State-owned general insurer New India Assurance Company registered a profit of Rs 61.73 billion for the third-quarter ending December 31, 2018, as against a loss of Rs 236.9 million during the same period of the previous fiscal year.
Gross Written Premiums (GWP) rose by 23 per cent, from Rs 52.13 billion in Q3 FY17 to Rs 63.85 billion in Q3 FY2018. GWP rose by 17 per cent, from Rs 164.16 billion for the nine-months ending Q3 FY17 to Rs 192.08 billion up to Q3 FY17.
G Srinivsan, chairman and managing director of New India Assurance, said that they were able to bring down their combined ratio, which was possible due to a drop in their claim ratios and management expense ratios.
"This is due to the focus on the key lines of business like health, motor and fire. The claim ratios have seen an improvement in these segments," he said.
Combined ratios indicates an insurer’s underwriting performance, improved to 109.13 per cent at the end of Q3 FY18, compared to 123.95 per cent in Q3 FY17.
The market has improved, Srinivasan said, and there has been a price correction in the group health space.The solvency ratios for NIA rose to 2.39 in Q3 FY18, as compared two 2.17 in the same period a year ago.
The country’s largest general insurer was listed on the stock exchanges in November 2017, and had previously declared an interim dividend of around Rs 3 billion at its September quarterly result announcement.
Underwriting losses have come down to Rs 46.43 billion in Q3 FY18, from Rs 10.37 in Q3 FY17.
The Incurred Claim Ratio, which measures the total value of all claims paid by an insurance company divided by the premium collected in the same period — has come down to 82.82 per cent in the third quarter of FY18 as against 108.21 per cent in the corresponding quarter of the previous year. During Q2 FY18 the ICR was 87.45 per cent.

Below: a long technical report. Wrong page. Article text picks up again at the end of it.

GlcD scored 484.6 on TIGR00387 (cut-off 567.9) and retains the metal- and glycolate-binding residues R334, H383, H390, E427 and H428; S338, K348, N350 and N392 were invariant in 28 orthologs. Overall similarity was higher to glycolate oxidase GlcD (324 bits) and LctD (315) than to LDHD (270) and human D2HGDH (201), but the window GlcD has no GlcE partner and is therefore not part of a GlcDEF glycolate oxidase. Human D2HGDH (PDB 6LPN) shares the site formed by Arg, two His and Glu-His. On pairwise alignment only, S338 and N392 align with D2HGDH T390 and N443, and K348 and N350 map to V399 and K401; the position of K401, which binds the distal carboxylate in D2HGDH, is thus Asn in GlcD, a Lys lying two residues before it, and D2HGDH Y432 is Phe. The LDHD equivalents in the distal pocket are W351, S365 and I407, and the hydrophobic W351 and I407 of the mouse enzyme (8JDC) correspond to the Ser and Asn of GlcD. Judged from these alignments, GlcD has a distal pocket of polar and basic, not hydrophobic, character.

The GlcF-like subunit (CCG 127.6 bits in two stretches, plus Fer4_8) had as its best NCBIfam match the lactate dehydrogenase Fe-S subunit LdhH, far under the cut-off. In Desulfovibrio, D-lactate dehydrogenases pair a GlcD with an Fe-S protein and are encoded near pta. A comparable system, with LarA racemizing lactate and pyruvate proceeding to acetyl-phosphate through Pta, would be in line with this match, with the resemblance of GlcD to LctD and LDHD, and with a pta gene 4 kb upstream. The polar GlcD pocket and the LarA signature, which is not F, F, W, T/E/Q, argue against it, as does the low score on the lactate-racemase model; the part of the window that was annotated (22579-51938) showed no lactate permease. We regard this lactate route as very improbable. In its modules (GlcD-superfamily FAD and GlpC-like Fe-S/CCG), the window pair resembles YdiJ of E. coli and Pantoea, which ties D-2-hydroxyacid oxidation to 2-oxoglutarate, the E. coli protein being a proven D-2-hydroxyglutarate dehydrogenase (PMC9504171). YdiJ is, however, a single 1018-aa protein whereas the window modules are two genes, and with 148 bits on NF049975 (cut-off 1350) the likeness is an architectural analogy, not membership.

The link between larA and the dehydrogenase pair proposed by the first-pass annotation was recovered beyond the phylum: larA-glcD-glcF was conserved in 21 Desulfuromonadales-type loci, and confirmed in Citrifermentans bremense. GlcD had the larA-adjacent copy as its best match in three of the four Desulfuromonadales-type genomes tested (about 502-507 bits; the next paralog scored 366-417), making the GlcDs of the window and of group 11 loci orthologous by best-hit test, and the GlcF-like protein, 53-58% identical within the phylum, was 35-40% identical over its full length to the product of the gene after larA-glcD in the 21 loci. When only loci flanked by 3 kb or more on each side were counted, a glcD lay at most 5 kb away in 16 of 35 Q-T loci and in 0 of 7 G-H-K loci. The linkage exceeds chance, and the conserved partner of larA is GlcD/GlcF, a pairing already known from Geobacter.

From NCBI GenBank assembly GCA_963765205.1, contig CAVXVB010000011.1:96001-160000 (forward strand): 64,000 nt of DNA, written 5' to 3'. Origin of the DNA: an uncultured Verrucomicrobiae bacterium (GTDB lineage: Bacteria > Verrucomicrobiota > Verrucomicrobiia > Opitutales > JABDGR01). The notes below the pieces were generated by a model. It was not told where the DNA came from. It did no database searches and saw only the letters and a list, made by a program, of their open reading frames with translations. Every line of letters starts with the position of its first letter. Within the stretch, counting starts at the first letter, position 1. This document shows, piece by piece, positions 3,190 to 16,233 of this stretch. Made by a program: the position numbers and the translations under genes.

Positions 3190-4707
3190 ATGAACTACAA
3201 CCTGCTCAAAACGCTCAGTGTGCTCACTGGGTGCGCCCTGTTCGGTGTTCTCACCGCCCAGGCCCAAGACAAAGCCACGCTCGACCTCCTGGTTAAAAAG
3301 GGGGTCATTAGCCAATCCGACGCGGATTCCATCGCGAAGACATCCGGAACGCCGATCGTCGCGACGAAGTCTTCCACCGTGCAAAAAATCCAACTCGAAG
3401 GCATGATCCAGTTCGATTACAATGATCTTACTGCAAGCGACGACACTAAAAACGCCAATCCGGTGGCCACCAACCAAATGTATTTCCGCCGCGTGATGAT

The Adjusted Combined Ratio (ACR), which Srinivasan has on occasion stressed as the best measure of any insurance company performance, takes into account the investment income earned on the policyholders’ reserves. Insurance companies have technical reserves, which account for outstanding claims and reserves for unexpected risk for which a technical reserve is maintained.
The adjusted combined ratio (ACR) has reduced from 108.21 per cent in Q3 FY17 to 92.85 per cent in Q3 FY18, however, the third-quarter ACR is higher than it was during Q2 FY18, where it stood at 91.45 per cent.
Return on Equity during the third-quarter of FY18 was negative -0.82 per cent, it turned around during Q2 FY18 to 23.43 per cent, to only fall in Q3 FY18 to 17.51 per cent.
Expenseses of Mangement Ratio has come down from 25.47 in Q3 FY17 to 22.70 in Q3 FY18.
Srinivasan told a group of journalists that the National Healthcare Protection Scheme announced in the Union Budget meant that the general insurance industry is poised for a great growth.
"It will contribute to insurance penetration going up in a big way. The insurance sector will also be greatly benefitted by various measures announced in the budget to improve rural economy and infrastructure," he said.